At times of change and uncertainty, evidence becomes very important to build confidence about how to put policy into practice. Although some relevant evidence exists, as it becomes the mainstream mechanism fordelivering social care, self-directed support (SDS) will bring significant new challenges and evidence needs.
In this context, Iriss initiated a project to explore evidence on SDS and how gaps might be addressed through co-production. The focus was primarily on what evidence was needed rather than what was already available, although literature reviews featured at a couple of points. The project was genuinely experimental. As a co-produced endeavour, exactly how it would be shaped and unfold could not be foreseen by any one participant. It was impossible to say how - or even if - it would work. This necessitated a degree of comfort with ambiguity and uncertainty, and a proactive, constructive approach from all concerned.
This report describes and analyses the activities and findings of the Self-directed Support: Evidence Explorers project, and provides links to key outputs. It begins with an overview of the case for strengthening the evidence-base for self-directed support (SDS) and explains how this was addressed by the project. An overview of the project, its purposes, outcomes, participants, process and outputs, is then provided. The report then explores the significant amount of learning acquired about the nature of evidence and of co-production. Throughout, key findings and their implications are highlighted. Finally, the success of the project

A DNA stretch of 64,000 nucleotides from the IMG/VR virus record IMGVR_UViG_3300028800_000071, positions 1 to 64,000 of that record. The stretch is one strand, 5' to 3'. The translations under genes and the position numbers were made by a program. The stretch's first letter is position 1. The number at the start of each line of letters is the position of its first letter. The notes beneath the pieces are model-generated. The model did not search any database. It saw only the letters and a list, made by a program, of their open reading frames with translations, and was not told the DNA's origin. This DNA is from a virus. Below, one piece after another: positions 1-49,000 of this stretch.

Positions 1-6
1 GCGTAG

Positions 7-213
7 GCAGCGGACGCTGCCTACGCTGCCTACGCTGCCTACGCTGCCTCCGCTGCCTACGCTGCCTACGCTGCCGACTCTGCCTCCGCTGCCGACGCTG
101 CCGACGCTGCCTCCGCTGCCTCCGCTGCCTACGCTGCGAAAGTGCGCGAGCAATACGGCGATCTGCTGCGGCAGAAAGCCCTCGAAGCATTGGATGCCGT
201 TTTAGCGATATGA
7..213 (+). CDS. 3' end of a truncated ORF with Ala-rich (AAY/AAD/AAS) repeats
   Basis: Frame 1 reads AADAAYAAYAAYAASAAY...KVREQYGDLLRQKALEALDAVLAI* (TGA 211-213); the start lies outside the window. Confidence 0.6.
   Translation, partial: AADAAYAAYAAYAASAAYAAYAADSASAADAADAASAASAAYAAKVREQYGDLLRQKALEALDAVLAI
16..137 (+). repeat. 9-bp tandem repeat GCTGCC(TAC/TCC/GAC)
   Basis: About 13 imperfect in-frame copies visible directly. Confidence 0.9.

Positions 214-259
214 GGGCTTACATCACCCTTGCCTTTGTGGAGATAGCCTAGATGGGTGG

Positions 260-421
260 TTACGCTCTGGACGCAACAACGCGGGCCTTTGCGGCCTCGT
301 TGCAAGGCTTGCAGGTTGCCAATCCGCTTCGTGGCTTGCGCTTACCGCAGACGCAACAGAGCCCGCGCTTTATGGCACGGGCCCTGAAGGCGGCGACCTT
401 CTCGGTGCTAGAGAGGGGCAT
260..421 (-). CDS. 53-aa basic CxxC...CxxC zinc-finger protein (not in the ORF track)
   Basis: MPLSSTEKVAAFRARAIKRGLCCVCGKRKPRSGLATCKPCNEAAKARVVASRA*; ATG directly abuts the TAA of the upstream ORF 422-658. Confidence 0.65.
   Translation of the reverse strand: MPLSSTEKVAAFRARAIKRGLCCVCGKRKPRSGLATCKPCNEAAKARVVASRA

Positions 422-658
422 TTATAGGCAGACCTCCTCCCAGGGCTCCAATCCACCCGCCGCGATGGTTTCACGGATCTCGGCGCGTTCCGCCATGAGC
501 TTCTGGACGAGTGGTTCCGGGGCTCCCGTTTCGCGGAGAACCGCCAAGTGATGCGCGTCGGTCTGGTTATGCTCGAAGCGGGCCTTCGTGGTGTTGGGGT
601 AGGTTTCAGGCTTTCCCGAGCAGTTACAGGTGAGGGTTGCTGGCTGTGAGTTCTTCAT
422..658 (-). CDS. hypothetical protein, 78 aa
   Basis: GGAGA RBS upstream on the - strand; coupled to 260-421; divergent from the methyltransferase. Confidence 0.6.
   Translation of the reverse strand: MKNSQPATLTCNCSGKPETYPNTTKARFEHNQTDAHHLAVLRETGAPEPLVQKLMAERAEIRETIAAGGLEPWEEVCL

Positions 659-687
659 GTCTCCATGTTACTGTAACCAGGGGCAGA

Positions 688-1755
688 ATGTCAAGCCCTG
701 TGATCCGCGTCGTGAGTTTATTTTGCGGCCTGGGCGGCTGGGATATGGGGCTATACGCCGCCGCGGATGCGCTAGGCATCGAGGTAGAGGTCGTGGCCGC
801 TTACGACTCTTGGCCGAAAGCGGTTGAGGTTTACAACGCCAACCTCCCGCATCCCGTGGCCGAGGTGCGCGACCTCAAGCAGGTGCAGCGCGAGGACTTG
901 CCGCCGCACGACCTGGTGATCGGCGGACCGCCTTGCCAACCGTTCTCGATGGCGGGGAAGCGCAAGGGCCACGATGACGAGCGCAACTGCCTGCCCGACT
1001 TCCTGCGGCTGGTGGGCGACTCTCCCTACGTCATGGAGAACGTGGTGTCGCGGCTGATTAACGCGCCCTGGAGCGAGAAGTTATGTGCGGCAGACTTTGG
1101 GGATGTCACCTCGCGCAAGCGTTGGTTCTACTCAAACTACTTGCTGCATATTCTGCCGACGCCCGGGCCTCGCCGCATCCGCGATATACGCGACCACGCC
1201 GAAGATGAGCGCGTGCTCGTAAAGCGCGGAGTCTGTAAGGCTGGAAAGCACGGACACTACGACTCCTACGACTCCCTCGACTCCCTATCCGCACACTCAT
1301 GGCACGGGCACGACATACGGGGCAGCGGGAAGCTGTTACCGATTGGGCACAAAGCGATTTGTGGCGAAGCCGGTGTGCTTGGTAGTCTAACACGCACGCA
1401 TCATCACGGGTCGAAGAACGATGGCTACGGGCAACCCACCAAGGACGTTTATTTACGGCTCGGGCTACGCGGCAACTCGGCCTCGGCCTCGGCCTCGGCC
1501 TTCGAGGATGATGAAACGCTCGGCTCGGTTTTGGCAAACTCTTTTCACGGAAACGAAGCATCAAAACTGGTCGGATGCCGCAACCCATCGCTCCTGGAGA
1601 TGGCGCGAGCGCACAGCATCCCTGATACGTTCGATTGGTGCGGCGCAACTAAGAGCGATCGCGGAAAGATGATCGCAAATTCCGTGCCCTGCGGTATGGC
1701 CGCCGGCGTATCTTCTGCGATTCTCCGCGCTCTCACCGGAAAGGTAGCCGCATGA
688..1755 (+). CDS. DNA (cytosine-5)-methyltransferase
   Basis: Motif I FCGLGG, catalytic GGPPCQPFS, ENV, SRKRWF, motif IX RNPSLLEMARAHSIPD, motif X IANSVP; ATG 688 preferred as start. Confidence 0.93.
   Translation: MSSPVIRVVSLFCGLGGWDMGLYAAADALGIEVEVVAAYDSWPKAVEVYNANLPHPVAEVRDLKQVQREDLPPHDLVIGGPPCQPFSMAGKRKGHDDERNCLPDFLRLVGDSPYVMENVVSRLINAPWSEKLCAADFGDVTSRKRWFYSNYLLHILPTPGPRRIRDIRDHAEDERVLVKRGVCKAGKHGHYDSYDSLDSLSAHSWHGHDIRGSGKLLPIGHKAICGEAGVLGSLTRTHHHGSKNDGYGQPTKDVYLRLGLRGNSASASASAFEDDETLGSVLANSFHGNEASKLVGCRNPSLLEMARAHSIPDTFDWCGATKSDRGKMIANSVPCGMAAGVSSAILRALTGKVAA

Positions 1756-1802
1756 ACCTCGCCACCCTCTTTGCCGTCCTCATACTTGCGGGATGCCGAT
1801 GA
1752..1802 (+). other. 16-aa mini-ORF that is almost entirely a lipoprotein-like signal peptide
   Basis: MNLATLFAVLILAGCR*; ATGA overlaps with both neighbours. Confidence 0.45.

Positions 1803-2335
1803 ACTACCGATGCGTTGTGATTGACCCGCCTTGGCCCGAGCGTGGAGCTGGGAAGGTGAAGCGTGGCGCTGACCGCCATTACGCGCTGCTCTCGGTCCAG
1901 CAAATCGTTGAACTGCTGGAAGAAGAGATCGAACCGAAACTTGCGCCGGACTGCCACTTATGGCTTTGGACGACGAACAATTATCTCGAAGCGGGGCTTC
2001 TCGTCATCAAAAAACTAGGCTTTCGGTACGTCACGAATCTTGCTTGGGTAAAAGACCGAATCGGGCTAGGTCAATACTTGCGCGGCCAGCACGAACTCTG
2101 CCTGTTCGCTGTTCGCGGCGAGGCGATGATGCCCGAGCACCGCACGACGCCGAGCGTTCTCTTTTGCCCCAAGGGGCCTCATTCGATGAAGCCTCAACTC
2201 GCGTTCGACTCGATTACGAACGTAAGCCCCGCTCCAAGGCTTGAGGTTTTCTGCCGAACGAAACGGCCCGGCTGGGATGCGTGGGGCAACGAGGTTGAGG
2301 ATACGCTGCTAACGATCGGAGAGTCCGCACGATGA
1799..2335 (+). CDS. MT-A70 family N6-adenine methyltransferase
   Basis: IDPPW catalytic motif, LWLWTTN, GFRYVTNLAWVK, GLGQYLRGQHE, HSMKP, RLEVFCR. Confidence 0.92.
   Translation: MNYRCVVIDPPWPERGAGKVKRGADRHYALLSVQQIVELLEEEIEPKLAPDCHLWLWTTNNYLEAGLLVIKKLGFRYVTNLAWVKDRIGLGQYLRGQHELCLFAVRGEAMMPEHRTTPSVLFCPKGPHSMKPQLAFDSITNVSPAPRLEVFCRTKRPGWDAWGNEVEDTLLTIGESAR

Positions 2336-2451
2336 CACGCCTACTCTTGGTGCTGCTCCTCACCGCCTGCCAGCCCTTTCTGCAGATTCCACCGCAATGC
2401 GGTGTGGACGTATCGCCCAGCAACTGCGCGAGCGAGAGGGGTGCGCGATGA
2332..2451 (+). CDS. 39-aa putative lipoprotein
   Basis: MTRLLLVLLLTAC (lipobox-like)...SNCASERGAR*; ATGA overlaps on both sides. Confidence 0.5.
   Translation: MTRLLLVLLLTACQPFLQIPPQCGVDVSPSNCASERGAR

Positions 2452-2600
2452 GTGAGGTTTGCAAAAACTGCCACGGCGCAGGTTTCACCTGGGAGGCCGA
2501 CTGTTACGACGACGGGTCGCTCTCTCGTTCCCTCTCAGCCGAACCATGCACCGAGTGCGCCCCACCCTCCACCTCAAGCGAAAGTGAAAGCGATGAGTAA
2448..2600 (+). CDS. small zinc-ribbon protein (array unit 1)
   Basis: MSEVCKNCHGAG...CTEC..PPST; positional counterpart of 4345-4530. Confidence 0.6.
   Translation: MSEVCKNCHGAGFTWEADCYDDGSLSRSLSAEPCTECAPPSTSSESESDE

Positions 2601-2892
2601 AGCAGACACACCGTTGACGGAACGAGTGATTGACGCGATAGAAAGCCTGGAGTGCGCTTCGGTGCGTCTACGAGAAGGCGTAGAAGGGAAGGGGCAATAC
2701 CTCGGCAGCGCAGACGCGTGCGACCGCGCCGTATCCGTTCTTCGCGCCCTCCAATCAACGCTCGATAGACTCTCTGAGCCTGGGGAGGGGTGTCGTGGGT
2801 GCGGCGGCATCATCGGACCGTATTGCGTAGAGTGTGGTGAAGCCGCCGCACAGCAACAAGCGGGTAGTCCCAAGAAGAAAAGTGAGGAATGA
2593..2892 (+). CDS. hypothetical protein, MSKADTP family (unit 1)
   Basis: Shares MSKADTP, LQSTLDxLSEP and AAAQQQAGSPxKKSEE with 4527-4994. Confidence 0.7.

is evaluated and next steps outlined.
The project was initiated by Iriss and developed in co-production with a range of partners. It ran from January until November 2012.
SDS Evidence Explorers blog.